A good sign?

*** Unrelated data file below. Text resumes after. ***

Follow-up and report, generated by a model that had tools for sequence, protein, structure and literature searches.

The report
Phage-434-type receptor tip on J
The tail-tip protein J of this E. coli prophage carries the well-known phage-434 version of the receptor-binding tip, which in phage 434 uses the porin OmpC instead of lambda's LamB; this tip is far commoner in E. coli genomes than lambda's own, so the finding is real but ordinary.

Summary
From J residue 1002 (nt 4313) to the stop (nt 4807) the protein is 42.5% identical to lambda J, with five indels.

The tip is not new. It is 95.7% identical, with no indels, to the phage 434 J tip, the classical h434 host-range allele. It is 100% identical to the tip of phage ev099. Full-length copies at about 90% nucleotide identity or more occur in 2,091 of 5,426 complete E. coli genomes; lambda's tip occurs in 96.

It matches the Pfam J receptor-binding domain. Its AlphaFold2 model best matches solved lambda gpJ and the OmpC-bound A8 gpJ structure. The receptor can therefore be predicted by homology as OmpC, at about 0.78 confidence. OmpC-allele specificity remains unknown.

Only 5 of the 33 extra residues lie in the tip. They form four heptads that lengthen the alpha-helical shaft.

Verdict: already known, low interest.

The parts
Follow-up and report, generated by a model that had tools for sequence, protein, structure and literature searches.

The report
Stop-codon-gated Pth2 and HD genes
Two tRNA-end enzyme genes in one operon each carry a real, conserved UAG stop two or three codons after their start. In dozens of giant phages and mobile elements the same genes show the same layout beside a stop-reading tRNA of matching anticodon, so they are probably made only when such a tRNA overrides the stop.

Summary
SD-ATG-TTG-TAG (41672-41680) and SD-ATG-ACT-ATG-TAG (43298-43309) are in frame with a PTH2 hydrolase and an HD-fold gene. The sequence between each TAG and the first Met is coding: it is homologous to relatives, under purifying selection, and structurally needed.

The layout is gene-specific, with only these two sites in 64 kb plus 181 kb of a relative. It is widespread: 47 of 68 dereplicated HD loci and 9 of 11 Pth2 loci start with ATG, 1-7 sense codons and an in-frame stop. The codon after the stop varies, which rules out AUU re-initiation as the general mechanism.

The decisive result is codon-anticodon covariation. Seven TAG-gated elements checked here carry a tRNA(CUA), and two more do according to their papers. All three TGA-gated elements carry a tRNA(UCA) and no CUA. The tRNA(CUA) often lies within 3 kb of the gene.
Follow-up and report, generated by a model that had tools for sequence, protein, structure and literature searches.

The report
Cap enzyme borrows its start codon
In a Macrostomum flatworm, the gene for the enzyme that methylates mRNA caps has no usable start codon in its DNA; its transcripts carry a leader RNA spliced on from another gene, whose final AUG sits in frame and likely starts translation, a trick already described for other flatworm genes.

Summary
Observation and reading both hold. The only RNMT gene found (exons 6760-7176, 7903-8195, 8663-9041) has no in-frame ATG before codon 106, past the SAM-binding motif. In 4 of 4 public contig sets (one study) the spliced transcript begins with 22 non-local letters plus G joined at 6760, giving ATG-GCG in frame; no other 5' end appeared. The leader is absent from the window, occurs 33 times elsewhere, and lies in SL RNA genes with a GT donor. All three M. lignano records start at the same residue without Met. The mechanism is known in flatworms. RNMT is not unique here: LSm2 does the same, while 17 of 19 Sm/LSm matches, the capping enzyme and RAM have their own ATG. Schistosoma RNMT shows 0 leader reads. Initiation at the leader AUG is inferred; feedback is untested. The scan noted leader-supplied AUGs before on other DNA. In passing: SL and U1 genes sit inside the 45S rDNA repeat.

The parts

It is a piece of news that few have possibly noticed. It was likely overlooked by many of those who noticed it. The government has stated its intention to allow contracts with domestic workers to become automatically renewable. One may think, at first, that the fact is a relatively minor issue – which it is – and has, therefore, no relevance. There’s where I beg to disagree. In general, allowing contracts with workers to be renewable, if that is what was agreed to start with and is congruent with the nature of the job, is the natural thing to do. It should not require any further administrative interference. In fact, the question one could raise is what is the need or the purpose of the existing system, under which the renewal has to be requested and justified again and again. As with any other administrative procedure, it should be clear what kind of good or interest, presumably public, is protected or promoted by it. The request of authorisation for continuation of the contract, addressed to and processed by the Office of Human Resources, fails that test. Leaving the initial hiring aside, if a non-resident worker is involved, why would anyone have to ask that department for approval? Why would anyone have to justify, year after year, why he or she needed a domestic worker? The decision to hire – or continue to hire – a domestic worker, except under exceptional conditions, should be outside the remit of any public service. It is a matter of personal circumstances. That is hardly a subject where we would expect or want to see the government sticking its nose. These are private matters and choices where the administration should be kept at a healthy distance. It also happens that is good for the economy. I, for one, am better at teaching and writing than at ironing and performing other domestic chores (or so I presume). My maid, or so I like to think, is comparatively better than me at those jobs. Economics showed it definitely some two centuries ago: the economy benefits (and we all do, actually) when each one of us concentrates on the things one does better. What better justification? Ill conceived, that half-baked procedure achieved no more than asserting a meaningless power and annoying residents with a useless procedure, creating a pointless tension. That someone has, internally and at this juncture, asked the obvious – what is the use of this? – deserves to be noted; and then, presumably not getting any decent explanation, decided to change it, is something that we should salute. Maybe it is a good omen. Perchance common sense and a yearning for simplicity and transparency will lead other departments to ask the same question about their procedures and, hopefully, reach similar conclusions.